Things to do in the infamous border town – and why it’s worth a visit in the first place
For a long time, Tijuana in the northwestern Mexican state of Baja California has been known for the red-light district, plastic surgery, and cheap pills. Add to this reports of violent crime and drug wars, and the city has been far from making any “top places to visit” lists.
Amid declining visitor numbers and many business catering to tourists shutting down in recent years, Tijuana has had to find ways to reinvent itself. Nowadays, the things that made it (in)famous may still be there, but there is more to TJ than meets the eye.
If you are interested in cutting-edge, farm-to-table cuisine, comfortable cantinas, and wines that can rival Northern California’s, head to Tijuana and its vicinity. Located around 18 miles south of downtown San Diego, California, the area is an easy day or weekend trip from there.
CROSSING THE BORDER
You can fly into the Tijuana International Airport, or cross the land border (la línea) at San Ysidro, a district in the south of San Diego.
The easiest way to get to the crossing is by taking the San Diego Trolley Blue Line, which originates at American Plaza and makes several stops around the city center. One-way tickets cost $2.50 and are available from vending machines at stations.
When at the border, follow signs (and crowds) to the Mexico gate, go past the turnstiles and then over the foot bridge to the other side of the highway. You will not need to show identification, but once you are past the gate, you will not be able to go back without going through US customs.
At the end of the bridge is a plaza filled with vendors and taxi drivers. Decline offers to take yellow cabs (they can be tourist traps) and keep walking straight ahead until you see the white Taxi Libre cabs. A ride around Avenida Revolución, the main drag of the nearby tourist zone, should cost you around 50 pesos or $5 (read more in travel tips below). It is common to ask about the price and agree on it before getting in the car.
Tijuana’s culinary scene is starting to be noticed internationally, thanks to a new wave of innovative chefs and the abundance of high quality, fresh local ingredients. From street food to high-end restaurants, you can eat very well there. Here are a few examples:
- Misión 19 – Named the country’s best new restaurant by Travel + Leisure Mexico, this fine dining establishment is reason enough to visit Tijuana. Misión serves Baja Mediterranean cuisine – traditional Mexican dishes combined with flavors typical of this Mediterranean-like coastal region. Ingredients are locally sourced from Tijuana and San Diego markets and farms, and the wine list consists of bottles from the nearby Baja California Wine Country. Chef’s tasting menu of four, six, or eight dishes is the best way to experience the restaurant. Location: Misión de San Javier 10643 Zona Urbana Río (2nd floor of office building)
- Caesar’s – This elegant restaurant and bar on Avenida Revolución has been in business since 1927 and is home of the famous Caesar salad (the salad is believed to have been invented three years earlier by the restaurant’s original owners). Order the ensalada and watch how it’s prepared table-side, using whole leaves of Romaine lettuce. Location: Revolución 1927, Zona Centro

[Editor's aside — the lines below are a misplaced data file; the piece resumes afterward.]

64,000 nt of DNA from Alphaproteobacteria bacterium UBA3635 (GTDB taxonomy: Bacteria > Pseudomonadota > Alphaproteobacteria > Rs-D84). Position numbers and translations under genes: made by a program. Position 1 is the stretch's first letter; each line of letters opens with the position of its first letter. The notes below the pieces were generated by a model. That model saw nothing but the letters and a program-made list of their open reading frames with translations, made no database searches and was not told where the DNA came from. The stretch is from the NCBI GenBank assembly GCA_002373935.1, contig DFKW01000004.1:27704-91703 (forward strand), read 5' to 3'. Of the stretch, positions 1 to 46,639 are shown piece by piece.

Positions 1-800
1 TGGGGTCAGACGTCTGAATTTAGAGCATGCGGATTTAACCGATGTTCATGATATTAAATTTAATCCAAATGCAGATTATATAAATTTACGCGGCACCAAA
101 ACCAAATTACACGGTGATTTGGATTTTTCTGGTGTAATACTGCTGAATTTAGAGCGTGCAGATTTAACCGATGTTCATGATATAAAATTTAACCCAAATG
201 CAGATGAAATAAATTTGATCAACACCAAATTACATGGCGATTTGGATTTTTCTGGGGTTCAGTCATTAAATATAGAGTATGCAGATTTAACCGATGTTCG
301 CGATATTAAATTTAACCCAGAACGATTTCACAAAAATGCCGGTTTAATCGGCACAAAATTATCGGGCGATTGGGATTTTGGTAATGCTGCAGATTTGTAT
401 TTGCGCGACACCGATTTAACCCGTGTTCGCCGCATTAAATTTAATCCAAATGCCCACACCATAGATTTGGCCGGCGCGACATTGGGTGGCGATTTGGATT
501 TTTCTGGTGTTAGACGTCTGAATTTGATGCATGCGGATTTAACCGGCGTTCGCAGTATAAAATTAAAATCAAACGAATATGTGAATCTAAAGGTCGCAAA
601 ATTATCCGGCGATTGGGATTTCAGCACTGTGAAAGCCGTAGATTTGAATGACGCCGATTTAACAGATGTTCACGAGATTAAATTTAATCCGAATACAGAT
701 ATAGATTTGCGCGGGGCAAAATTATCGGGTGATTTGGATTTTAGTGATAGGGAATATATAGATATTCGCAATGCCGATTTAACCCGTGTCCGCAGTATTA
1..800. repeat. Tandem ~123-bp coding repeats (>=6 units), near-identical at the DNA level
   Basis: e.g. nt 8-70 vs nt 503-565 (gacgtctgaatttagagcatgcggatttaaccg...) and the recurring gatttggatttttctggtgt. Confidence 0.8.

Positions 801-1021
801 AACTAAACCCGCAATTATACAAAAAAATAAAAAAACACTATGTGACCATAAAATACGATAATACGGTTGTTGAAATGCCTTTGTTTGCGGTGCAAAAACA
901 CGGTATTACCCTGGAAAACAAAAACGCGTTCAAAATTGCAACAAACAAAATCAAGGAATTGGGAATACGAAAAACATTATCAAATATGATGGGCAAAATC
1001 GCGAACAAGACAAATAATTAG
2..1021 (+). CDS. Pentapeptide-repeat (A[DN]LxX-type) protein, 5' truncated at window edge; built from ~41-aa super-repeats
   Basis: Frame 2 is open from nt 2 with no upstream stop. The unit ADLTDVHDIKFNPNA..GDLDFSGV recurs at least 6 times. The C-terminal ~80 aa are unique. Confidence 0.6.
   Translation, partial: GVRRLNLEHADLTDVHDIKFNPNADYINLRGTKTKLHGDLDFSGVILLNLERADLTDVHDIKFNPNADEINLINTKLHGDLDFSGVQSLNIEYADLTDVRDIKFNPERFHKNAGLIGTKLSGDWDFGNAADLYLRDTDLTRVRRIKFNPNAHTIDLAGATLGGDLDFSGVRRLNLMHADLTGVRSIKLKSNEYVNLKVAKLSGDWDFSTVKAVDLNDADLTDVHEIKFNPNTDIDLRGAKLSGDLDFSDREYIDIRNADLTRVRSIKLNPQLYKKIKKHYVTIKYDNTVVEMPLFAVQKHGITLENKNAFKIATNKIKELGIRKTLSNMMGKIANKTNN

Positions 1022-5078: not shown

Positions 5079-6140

- Tacos Kokopelli – Gourmet meets street food at this taco stand, operated by a crew of three, including one Tijuana Culinary Art School alumnus. Kokopelli specializes in grilled seafood tacos served with homemade salsas (vegetarians have the option of portobello mushroom tacos). Location: Avenida Ocampo, between the 8th and 9th street. Open from 10am until 4:20pm Tuesday-Saturday.
The Sixth Street (Calle Sexta) in the center of Tijuana has evolved into a hip nightlife destination, filled with beer and mezcal bars. To experience a more classic cantina, try El Dandy del Sur (Calle 6a 2030), in operation since 1957 (twenty years at the current location). This dim-lit bar has a timeless vibe and attracts an eclectic crowd. Tropic’s Bar (Calle 6a 2027) is a down-to-earth hangout frequented by both veteran patrons and a young crowd. The jukebox has everything from Mexican regional bands to European rock.
- Most taxi drivers and businesses will accept US dollars. However, you may not get the most favorable exchange rate due to rounding (e.g. 50 pesos is about $4, and not the $5 you would pay instead).
- When walking down Avenida Revolución, arm yourself with “no, gracias.” The street is lined with vendors selling souvenirs and they will try to get you in their stores. But once you say no and keep walking, they will not press further.
- Crossing the border back to the US involves a lot more hassle. Lines are long and you may stand in one for several hours before reaching customs. You may be approached by locals offering to take you on a shuttle bus for about $12 per person. Depending on the day, this may cut your wait time by an hour or more, but it’s not a rule.
- If you choose to stay overnight, I recommend Palazio Azteca (Blvd. Cuahutémoc Sur no. 213). It has comfortable rooms and bathrooms, an outdoor pool area, and is located a short cab ride away from Avenida Revolución and Misión 19.
- The San Diego Trolley operates on an honor system, but tickets do get checked. To avoid fines, make sure you have a valid ticket or pass before you board.
Have you been to Tijuana? What was your experience like?